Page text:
I was at a concert: O fortune, like the moon, etc.!

The wheels on the life go round and round…

Last weekend guest conductor Nicholas McGegan ventured outside the world of early music for performances of Haydn and Orff with the Kansas City Symphony. We arrived an hour early under the auspices of soaking in the Saturday night ambience (and finding parking that wouldn’t involve us waiting 45 minutes to wade through a gerontological sea of humanity on the way out) and figured we’d enjoy a cup of coffee and a glass of red wine. Urgent bulletin: they don’t serve red wine. Of any kind. At any point. And the coffee, while possibly delicious, is marred by the use of sketchy-ass creamer that erodes any semblance of good flavor. Kansas City’s Roasterie makes tremendous coffee, so why waste it with cream that would be better served at Waffle House? It’s like playing a Mahler symphony on keytar. Did I mention that I am an elitist prick when it comes to food and drink? And now you know!

We took our seats and I perused the tubes of the internet for a while. The gentleman behind me asked for an update on the Kansas State vs. Baylor game, a theme which would re-appear throughout the evening. After delivering the sobering news, the concert opened with Haydn’s “Surprise” Symphony no. 94, arguably his most popular work. McGegan employed something of a “don’t look now, but we are on the verge of being in the Romantic period!” approach, the tuttis sounding utterly Beethovenian (this is my first use of the word Beethovenian. Probably my last, too.). It was a bit heavy-handed for my taste – there’s an agility and lightness that seems to me to be intrinsic in Haydn that was missing – and the interpretation led to a couple sloppy moments where the ensemble broke apart a bit (particularly in the finale). The minuet and trio, however, were spectacular. McGegan and the orchestra got into an epic groove, swinging like a motherfucker with perfectly nuanced ebbs and flows and perfect articulation. Overall the performance may have been a mild disappointment, but the the minuet was so good that I am remembering it with much more fondness than I initially felt on Saturday night.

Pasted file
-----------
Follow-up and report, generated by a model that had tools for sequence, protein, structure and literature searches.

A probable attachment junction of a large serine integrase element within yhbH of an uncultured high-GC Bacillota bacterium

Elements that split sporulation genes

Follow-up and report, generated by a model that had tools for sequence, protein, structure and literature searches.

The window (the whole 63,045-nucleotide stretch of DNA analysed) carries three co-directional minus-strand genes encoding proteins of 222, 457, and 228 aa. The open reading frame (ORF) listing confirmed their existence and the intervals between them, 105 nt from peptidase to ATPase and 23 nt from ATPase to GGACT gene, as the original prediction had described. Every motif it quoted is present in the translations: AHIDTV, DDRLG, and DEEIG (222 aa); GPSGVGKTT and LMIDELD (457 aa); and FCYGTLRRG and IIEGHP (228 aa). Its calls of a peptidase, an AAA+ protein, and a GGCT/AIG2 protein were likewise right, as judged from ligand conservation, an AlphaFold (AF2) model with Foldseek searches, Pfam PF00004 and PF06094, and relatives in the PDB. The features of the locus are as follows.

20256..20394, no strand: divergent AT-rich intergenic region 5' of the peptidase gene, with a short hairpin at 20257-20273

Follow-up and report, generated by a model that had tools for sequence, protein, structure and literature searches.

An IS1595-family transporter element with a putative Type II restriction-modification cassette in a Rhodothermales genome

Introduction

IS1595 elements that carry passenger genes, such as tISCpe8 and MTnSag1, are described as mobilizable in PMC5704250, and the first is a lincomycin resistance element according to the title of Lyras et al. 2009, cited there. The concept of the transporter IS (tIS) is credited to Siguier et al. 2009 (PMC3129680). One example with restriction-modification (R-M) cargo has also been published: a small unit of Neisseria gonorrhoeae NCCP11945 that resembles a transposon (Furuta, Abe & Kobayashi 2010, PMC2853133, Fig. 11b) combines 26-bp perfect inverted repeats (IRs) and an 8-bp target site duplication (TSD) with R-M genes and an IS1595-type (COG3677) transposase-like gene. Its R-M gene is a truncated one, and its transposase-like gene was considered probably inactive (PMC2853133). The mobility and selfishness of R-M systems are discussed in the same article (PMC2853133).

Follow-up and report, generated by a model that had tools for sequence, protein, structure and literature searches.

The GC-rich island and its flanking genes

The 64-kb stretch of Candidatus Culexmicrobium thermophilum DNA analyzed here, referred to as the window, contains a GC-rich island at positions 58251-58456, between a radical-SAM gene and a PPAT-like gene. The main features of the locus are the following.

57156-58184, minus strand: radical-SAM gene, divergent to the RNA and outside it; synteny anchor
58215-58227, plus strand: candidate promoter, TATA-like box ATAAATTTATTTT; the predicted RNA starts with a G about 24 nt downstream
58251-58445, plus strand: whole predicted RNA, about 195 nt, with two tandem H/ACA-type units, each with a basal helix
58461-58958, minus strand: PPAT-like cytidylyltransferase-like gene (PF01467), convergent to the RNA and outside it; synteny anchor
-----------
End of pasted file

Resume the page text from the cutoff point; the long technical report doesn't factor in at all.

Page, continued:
After an intermission that featured, in order, another check of the scores, a brief conversation about an odd haircut, a drink of the worst water from a fountain that I have ever had (and I grew up in Las Vegas, which had rocket fuel in the their tap water), yet another check of the scores, and the delivery of the news that K-State was trailing by two touchdowns at halftime to two different people sitting near me, the stage and choral loft were filled to the brim for a performance of Carl Orff’s magnum opus (what’s the latin word for “only piece anyone gives a shit about?”) Carmina Burana, a collection of 13th-century poems found in a German abbey. If that sounds like the recipe for music about drinking and chicks and shit, you know more about religion than I do. As it is, they provided the impetus for one of the most popular musical works of all-time, a gaudy spectacle of colors and strophes. Oh God, the strophes.

First, a few notes on the performance itself. The chorus was superb and displayed a monumental range of both sound and style. The orchestra was for the most part on point, particularly the always-reliably-awesome percussion section. I had a couple quibbles (most notably the fact that there was not enough raucous trumpet at the end of each O fortuna, one of the few times in the repertoire that a trumpet player could probably get away with musically slaughtering everything in his path and get away with it), but on the whole the band was flexibile, responsive, and capable of brute force (my concerns from the last concert about the hall opening up are concerns no more). McGegan’s interpretation was pretty straight ahead and generally fine.